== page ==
Environmental Impact Assessment and Investment under Uncertainty. An Application to Power Grid Interconnection

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    We consider a firm that must undergo a costly and time-consuming regulatory process before making an irreversible, lagged investment whose value varies randomly. We analyze two cases: regulatory approval is valid forever or it expires after some time. We apply our model to Hydro-Québec's project of building a 1250 megawatts interconnection with Ontario. We find that the firm may start the regulatory process earlier if regulatory approval is valid long enough or if uncertainty is high enough; it postpones it otherwise. When to start the regulatory process and when to invest depend on the duration of the regulatory green light.Regulation, uncertainty, irreversibility, real options, interconnections

    Environmental Impact Assessment and Investment under Uncertainty. An Application to Power Grid Interconnection.

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    We consider a firm that must undergo a costly and time-consuming regulatory process before making an irreversible, lagged investment whose value varies randomly. We analyze two cases: regulatory approval is valid forever or it expires after some time. We apply our model to Hydro-Québec's project of building a 1250 megawatts interconnection with Ontario. We find that the firm may start the regulatory process earlier if regulatory approval is valid long enough or if uncertainty is high enough; it postpones it otherwise. When to start the reglulatory process and when to invest depend on the duration of the regulatory green light.Regulation, uncertainty, irreversibility, real options; interconnections

    Multinational Corporations, Transfer Prices, and Taxes: Evidence from the U.S. Petroleum Industry

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    Economic research on transfer-pricing behavior by multinational corporadons has emphasized theoretical modeling and institutional description. This paper presents the fiit systematic empirical analysis of transfer prices, using data from the petroleum industry. On the basis of oil imported into the United States over the period 1973 - 1984, we test two propositions: i) Are prices set by integrated companies for their internal transfers different from those prevailing in arm 's-length (i.e., inter-company) trade, when other variables, such as oil quality, are controlled for? ii) Do average effective corporate income tar rates explain observed patterns of transfer pricing? Regression analysis leads to the following conclusions: i) Transfer and arm's-length prices differ significantly for oil origznating in some countries but not all. When multiplied by the relevant import volumes, these differences are relatively smalL The revenue transferred through deviations from arm's-length prices represents two percent or less of the value of the crude oil imported by multinational companies each year. ii) The observed differences between arm's-length and transfer prices are not easily explained by average effective tax rates in exporting countries. Our results provide little support for the claim that multinational petroleum companies set their transfer prices to evade taxes. We offer several hypotheses to explain our findings.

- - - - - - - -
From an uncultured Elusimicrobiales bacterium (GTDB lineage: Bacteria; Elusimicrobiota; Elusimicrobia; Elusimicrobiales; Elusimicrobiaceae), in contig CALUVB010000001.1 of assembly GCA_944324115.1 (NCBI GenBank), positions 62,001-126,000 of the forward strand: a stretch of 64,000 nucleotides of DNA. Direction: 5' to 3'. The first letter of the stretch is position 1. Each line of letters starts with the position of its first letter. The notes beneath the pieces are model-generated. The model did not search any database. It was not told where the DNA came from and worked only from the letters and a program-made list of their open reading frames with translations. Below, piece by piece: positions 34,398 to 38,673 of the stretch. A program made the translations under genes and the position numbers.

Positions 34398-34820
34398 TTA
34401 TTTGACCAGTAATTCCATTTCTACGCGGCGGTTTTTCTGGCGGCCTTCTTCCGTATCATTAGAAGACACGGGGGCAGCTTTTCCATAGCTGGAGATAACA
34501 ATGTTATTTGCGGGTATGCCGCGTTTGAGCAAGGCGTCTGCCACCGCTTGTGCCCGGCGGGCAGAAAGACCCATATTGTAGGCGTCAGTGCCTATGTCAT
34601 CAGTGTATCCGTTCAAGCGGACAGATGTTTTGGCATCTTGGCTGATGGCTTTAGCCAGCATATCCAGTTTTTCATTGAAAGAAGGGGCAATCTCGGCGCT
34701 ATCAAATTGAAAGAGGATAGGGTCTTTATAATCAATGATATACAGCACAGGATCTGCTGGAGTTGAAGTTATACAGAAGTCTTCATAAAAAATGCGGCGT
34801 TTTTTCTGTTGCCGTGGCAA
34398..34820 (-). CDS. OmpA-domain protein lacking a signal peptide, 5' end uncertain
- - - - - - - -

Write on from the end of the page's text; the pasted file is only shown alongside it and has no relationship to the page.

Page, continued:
Seamless Electricity Trade between Canada and US Northeast

    Get PDF
    We analyse how the wholesale electricity market deregulation could modify exchanges between three Canadian regions (Ontario, Quebec and New Brunswick) and two U.S. regions (New York and New England), which were already trading electricity before the regulatory change took place in 1997. We find that the pre-1997 exchanges already made possible fuel cost savings of 397.2millionperyearwhilederegulationaddsannualsavingsof397.2 million per year while deregulation adds annual savings of 358.7 million. Canadian regions are the main beneficiaries under the assumption that exports are priced at the marginal costs of the importing regions. Imports from the Canadian regions, although significant, are not large enough to lower the marginal costs of the U.S. regions. Hence electricity deregulation across the border should not significantly decrease prices in the U.S. regions although the latter are becoming more dependant upon imports from Canada. Greenhouse gas emissions increase by 4.3 Mt CO2 eq. in the wake of the open wholesale electricity market because of the low cost of coal, particularly in Ontario. Environmental concerns and the limited availability of additional hydroelectric power in Canada could change the trade patterns as electricity demand continue to grow.Electricity, deregulation, trade